|Record coverage||The record’s time periods, jurisdictions (places?), and population coverage. Aternate title: When and Where the Record Existed. Question: Do we cover the dates when the record was most complete?|
|Why to use the record||The most common uses of this record. The sales pitch for using the record. This could be omitted and covered in the Record Content section or in a strategy article. But if the user comes to a record type article directly from Google, this section may be needed.|
|Record content||Lists the types of information the record may yield. An alternate title for this heading is What will I find.|
|Before searching you must know||The family information needed in order to be able to search the record. If you search an archive vs. a Website, the information in this section would be different. Access point matters.|
|What to search before using this record||This heading, used in Darris’ article, appears to be an extension of Before Searching You Must Know.|
|Where to get the record||This section points to a few of the best sources of this record, such as a specific Website, library, or archives. Sources are recommended with accessibility, cost, record quality, and record completeness in mind.|
|How to search/use the record||Once you have identified the jurisdiction and the record collection you need, this section gives instructions on how to locate your ancestor in the record.|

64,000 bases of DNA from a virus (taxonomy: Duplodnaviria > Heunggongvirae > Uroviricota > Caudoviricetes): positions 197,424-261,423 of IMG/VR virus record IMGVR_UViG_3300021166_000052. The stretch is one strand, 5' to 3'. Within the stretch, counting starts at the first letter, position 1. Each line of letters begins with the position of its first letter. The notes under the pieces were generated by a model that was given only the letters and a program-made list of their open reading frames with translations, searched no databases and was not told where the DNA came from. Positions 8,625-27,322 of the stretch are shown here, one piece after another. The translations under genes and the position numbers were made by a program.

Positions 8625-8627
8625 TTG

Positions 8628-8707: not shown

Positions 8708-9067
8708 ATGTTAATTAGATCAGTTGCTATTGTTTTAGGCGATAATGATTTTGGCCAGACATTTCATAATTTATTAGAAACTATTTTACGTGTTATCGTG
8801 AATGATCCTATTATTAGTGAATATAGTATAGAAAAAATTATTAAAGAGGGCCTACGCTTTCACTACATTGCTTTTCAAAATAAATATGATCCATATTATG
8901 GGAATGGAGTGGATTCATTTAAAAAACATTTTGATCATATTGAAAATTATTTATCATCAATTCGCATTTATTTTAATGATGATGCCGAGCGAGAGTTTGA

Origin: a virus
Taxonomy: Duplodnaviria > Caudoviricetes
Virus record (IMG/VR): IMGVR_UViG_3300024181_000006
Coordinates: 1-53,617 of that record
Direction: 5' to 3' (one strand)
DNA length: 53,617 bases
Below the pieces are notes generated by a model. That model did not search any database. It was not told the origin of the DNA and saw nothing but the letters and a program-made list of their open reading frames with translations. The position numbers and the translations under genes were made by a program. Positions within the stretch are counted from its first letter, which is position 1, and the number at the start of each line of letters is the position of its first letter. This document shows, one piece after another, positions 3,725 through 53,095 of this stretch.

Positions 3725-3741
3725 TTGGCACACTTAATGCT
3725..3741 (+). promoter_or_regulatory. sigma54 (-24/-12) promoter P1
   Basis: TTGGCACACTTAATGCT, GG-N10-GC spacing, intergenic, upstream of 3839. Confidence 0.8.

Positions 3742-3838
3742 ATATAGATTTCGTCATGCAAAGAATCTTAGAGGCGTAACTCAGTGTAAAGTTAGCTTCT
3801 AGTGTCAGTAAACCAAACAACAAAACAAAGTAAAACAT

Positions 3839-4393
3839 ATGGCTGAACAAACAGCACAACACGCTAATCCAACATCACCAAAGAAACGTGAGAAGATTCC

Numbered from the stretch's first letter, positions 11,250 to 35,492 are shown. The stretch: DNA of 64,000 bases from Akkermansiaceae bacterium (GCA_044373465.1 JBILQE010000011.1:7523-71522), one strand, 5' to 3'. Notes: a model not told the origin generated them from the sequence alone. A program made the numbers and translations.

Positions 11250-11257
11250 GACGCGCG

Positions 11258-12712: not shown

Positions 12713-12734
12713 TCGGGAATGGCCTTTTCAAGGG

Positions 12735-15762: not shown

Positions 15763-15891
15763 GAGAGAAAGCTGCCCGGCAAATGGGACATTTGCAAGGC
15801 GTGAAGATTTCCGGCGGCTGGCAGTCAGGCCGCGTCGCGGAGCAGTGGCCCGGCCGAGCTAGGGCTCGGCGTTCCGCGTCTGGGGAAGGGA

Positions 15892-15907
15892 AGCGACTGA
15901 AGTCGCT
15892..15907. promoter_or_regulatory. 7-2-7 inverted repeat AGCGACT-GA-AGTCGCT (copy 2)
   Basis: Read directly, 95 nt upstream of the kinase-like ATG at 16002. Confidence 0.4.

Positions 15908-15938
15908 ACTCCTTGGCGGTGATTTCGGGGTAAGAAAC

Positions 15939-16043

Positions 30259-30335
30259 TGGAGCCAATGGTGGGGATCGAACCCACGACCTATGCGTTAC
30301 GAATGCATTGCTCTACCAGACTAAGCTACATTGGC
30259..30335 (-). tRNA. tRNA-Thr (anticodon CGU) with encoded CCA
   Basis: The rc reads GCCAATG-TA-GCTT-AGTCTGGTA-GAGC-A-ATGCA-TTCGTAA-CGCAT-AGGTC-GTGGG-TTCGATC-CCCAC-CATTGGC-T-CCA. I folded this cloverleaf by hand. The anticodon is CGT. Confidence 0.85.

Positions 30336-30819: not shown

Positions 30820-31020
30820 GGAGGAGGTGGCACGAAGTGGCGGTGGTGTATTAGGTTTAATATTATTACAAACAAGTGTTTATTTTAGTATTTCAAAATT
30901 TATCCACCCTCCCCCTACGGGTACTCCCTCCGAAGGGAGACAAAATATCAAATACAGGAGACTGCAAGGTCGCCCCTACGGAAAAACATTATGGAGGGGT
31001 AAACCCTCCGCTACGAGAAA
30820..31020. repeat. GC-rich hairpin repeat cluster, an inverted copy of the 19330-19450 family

|[An image of the record]||A picture of the record to show the customer what it looks like and what information such records might contain.|
|Record reliability||This section analyzes which pieces of information in the record tend to be reliable vs. unreliable. (For instance, birth information on a death record is usually less reliable than death information.)|
|Tips||This section can include what to do if your search fails; special circumstances surrounding the search of a minority, minor, or common name; links to articles on how to decipher old handwriting or abbreviations; a heads-up on patronymics; etc.|
|Tips for beginners||Recommendations to search variant spellings, search online sources first, or special techniques. It may be that these can be folded in with the main Tips section.|
|What to do next||This section can include a prompt to find other family members in this record -- or other records this record might lead to. See Darris Williams’ wiki article “Register of Cottage Leases Dowlais Iron Company 1818 to 1877” and Jennifer Kerns’ “Ohio Birth Records 1867 – December 19, 1908.”|
|Terms||Common words used to describe the record or words commonly found in the record.|
|Important Dates||Dates of significant changes to the records.|
|See Also||Links to related content.|
Headings to copy and paste